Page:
Alexis Barber, 24, was recently diagnosed with osteoarthritis in both knees. While one nurse acted as her advocate, others couldn’t believe she had developed this condition at such a young age
After 11 years of chronic pain, last July I was finally diagnosed with arthritis in both knees. An MRI scan showed the cartilage on the inside of my left knee had worn away completely. This was probably the result of a sports injury when I was 13, when I started experiencing knee pain. Because I was so young, my discomfort was dismissed as growing pains. As a result of having to bear too much weight on the right knee to compensate for being unable to walk properly on the left, that knee also has arthritis.
The nursing care I’ve had has been varied. The general attitude from nurses was I needed to lose weight, which is difficult as I have an underactive thyroid and am unable to exercise because of knee pain.
A community nurse in a GP practice took my concerns seriously. She thought I might have arthritis and flagged this up with the GP. Despite the nurse fighting my corner and urging the GP to send me for an MRI scan, the GP didn’t appear to listen and instead I was given stronger painkillers. After my third visit, that nurse was finally heard. The GP sent me for a scan, which showed the nurse had been right all along.
One of my first times in hospital was when I was 17. My knee suddenly swelled, I couldn’t walk on it, and I was in hospital for three days, but still the problem was not diagnosed. I was made to feel like I was a malingerer and the attitude I had from nurses was dismissive. They didn’t listen when I told them I was allergic to paracetamol – even though that allergy was noted on my hospital wristband – so taking this medication made me even more ill.
I need an arthroscopy to sort out my worn knee, and a partial or total replacement in the bone of the left knee. I’m now on a waiting list, waiting to see if anything can happen to ease my pain.
I would urge nurses to consider the individual boundaries of patients with arthritis – for they may not be able to do much exercise – and understand how arthritic pain affects people’s lives. For someone aged in their 20s, like me, you feel your life has been cut short. Nurses can help by looking at you as a whole person, not just a condition.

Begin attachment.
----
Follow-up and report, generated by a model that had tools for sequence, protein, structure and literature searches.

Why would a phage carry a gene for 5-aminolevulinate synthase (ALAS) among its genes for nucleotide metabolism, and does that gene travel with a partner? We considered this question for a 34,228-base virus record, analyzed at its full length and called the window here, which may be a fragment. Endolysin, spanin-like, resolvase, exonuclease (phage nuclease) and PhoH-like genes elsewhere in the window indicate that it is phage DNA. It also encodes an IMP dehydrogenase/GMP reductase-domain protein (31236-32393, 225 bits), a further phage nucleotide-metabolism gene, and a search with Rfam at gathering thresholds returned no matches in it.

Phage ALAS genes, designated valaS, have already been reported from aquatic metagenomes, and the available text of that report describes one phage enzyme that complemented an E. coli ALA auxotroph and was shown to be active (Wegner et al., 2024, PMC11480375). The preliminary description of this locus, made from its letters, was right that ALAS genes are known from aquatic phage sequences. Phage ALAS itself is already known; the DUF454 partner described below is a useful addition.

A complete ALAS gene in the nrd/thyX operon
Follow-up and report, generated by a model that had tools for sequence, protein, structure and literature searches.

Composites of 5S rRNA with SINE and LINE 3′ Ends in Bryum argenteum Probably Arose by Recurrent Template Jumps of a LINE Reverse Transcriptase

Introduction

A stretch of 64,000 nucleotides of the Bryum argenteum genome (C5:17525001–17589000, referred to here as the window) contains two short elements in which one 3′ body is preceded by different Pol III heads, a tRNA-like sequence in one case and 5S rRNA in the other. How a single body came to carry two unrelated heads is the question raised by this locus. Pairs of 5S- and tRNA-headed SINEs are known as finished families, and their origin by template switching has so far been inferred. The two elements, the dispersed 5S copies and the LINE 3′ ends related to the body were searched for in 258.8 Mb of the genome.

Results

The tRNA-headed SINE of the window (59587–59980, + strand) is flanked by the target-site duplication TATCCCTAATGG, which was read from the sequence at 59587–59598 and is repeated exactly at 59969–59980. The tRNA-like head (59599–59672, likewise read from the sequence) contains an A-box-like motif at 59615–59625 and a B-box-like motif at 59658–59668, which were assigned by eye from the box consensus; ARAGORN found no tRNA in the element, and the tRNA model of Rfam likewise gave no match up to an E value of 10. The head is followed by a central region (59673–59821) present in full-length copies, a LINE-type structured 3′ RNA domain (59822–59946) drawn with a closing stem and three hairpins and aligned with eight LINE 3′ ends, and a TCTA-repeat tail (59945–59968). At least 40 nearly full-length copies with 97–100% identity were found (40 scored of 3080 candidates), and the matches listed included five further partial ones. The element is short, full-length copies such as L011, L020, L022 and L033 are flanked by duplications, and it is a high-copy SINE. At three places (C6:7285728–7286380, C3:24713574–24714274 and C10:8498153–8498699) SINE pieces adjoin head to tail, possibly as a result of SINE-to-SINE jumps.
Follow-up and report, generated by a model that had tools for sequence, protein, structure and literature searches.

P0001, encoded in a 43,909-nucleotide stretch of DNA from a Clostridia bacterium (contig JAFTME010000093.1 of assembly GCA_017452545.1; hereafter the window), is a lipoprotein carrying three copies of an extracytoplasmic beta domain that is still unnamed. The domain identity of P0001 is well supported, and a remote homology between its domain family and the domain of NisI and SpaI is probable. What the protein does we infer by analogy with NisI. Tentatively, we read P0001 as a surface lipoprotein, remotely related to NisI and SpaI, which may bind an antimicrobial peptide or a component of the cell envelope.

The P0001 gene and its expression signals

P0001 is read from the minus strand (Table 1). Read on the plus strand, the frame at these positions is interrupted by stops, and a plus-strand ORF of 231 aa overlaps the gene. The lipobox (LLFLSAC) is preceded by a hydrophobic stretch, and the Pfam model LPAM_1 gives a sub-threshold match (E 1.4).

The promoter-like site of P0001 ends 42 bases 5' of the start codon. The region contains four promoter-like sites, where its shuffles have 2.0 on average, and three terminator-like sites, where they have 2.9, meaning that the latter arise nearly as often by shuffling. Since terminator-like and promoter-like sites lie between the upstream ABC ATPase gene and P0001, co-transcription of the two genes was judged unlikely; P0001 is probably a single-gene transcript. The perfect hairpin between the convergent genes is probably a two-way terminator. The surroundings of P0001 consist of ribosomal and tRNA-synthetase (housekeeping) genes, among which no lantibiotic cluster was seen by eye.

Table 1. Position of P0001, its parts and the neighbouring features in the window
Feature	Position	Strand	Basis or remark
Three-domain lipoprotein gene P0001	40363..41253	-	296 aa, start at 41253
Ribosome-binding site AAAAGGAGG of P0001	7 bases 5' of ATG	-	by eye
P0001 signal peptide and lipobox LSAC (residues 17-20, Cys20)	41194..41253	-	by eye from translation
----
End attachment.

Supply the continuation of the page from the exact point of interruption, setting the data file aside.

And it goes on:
Community nurses can support patients with arthritis by providing consistent care – they can build a relationship with you, understand when you’re having a bad time with your condition and champion your cause if they think your doctor can do more to help.
It is rare to see a young patient with this condition, so if they do present with knee pain, you need to take a full clinical history and look at risk factors. This patient had a trauma when she was young, which made her at risk of arthritis at a young age.
I would like to have seen this patient referred to a physiotherapist. The problems she has experienced with having to put extra weight on her other knee could have been addressed earlier through physio.
Losing weight is one aspect of managing arthritis, but patients with conditions such as thyroid disease find this difficult. These patients should be given advice on weight loss programmes, which can also be a source of emotional support and lifestyle advice.
When considering pain, nurses should ask patients if their medication is effective and suggest alternatives such as ice or heat packs, TENS machines and topical gels. To maximise the effectiveness of medication, they need to discuss staggering it throughout the day rather than taking it all at one time.
I was pleased to see a practice nurse did flag the patient’s difficulties up with the GP. It shows the importance of listening to what a patient is telling you rather than being dismissive. Practice nurses can do a lot to support patients with arthritis and most rheumatology or orthopaedic departments would welcome them spending time with a consultant or nurse specialist so they have the latest information.
- Really listen to patients. Don’t dismiss their concerns because their case isn’t “typical”
- Find out whether patients’ medication is effective and offer alternative treatments
- Improve your knowledge; learn from arthritis nurse specialists
Colin Beevor is matron and clinical nurse specialist in rheumatology, Queen Alexandra Hospital, Cosham
- Arthritis Care: www.arthritiscare.org.uk